Ineos boss Jim Ratcliffe has been accused of making “hollow promises” about the benefits of Brexit after he confirmed the new Grenadier cars will be built in France, and not in Wales, as had been hoped.
The firm said the former Mercedes-Benz Hambach factory in Moselle, France, will build the new model of 4x4s following a deal with the German carmaker.
Production of a new vehicle was due to begin in Bridgend next year, creating around 200 jobs initially, rising to 500 once the vehicle reached full production.
But Ineos starting hinting that plans could change during the summer as the Hambach site looked more attractive.
The company said on Tuesday the new factory was “well located for access to markets, suppliers and automotive talent”.
The decision is the second major blow for Bridgend, where the initial site was due to open, as it had been planned to be beside the now-closed Ford engine plant.
Ford shut its factory in September after 40 years, with the loss of nearly 1,700 jobs, in a long line of car manufacturers to leave the UK or reduce output over Brexit concerns.
Ratcliffe, a prominent Brexit supporter, said: “Hambach presented us with a unique opportunity that we simply could not ignore: to buy a modern automotive manufacturing facility with a world-class workforce.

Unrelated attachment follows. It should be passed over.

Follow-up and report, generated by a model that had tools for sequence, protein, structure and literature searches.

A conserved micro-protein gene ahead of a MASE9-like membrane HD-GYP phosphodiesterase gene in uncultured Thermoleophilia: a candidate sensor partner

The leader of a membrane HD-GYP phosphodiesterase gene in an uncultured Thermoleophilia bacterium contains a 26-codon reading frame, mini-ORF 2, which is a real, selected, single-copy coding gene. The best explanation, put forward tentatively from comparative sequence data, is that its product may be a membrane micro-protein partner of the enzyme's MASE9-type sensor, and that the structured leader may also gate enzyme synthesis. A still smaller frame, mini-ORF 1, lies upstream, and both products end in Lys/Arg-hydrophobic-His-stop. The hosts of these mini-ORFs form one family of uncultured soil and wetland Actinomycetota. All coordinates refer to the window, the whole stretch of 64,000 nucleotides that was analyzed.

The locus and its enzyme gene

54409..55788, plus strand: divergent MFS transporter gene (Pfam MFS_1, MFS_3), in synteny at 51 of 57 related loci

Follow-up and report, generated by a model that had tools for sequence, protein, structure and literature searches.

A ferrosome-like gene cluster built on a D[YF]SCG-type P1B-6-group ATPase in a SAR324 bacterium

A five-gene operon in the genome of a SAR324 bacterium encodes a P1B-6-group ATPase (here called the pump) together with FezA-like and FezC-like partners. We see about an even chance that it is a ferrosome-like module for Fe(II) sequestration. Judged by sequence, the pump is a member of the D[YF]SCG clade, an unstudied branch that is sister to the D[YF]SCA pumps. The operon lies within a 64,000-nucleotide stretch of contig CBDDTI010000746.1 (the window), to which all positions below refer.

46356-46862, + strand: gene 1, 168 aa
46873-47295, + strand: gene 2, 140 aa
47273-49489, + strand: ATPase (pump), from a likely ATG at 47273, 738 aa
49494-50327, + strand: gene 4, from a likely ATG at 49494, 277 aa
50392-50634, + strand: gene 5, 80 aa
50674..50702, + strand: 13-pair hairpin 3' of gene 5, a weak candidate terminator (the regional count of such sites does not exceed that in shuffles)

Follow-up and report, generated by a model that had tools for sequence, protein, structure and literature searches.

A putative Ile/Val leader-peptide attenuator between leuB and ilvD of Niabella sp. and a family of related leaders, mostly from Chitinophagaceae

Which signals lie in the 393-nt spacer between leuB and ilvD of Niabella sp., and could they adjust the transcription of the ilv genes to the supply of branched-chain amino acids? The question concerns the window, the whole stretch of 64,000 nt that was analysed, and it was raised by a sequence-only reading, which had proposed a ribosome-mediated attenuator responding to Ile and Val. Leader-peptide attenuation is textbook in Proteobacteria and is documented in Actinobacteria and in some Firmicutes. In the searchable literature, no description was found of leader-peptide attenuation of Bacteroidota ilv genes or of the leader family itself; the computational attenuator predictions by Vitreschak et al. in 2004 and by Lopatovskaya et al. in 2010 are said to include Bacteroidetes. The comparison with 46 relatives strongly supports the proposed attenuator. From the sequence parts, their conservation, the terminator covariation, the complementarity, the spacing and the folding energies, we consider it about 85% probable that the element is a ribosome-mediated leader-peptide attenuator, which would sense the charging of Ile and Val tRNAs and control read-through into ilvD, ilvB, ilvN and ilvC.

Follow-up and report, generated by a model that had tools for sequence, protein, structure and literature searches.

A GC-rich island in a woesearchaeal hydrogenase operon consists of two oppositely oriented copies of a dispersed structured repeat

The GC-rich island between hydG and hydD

“Ineos Automotive set out a vision to build the world’s best utilitarian 4×4, and at our new home in Hambach, we will do just that.”
The site currently builds electric vehicles, which Ineos will continue to produce, but the move is expected to be a bitter blow for Wales, with politicians actively courting Ratcliffe for investment in the region.
Chris Elmore, MP for Ogmore in Bridgend, tweeted the decision was a “crushing blow” for the area.
He wrote: “The highly-skilled and dedicated workforce in Ogmore, Bridgend and surrounding areas would have risen to the challenge. Today’s news is a hammer blow.
“That Brexit is clearly a major factor at play is a bitter pill to swallow. Ineos owner Sir Jim Ratcliffe was a vocal Brexiteer, loudly proclaiming the benefits of leaving the EU. Today, we can see his claims are as hollow as his promises.”
The new cars will start being built late next year and “gives excellent access to supply chains, automotive talent and target markets,” the company said.
Around 1,300 jobs will be created as a result of the move, Ineos added.
Dirk Heilmann, chief executive of Ineos Automotive, said: “This acquisition marks our biggest milestone yet in the development of the Grenadier.”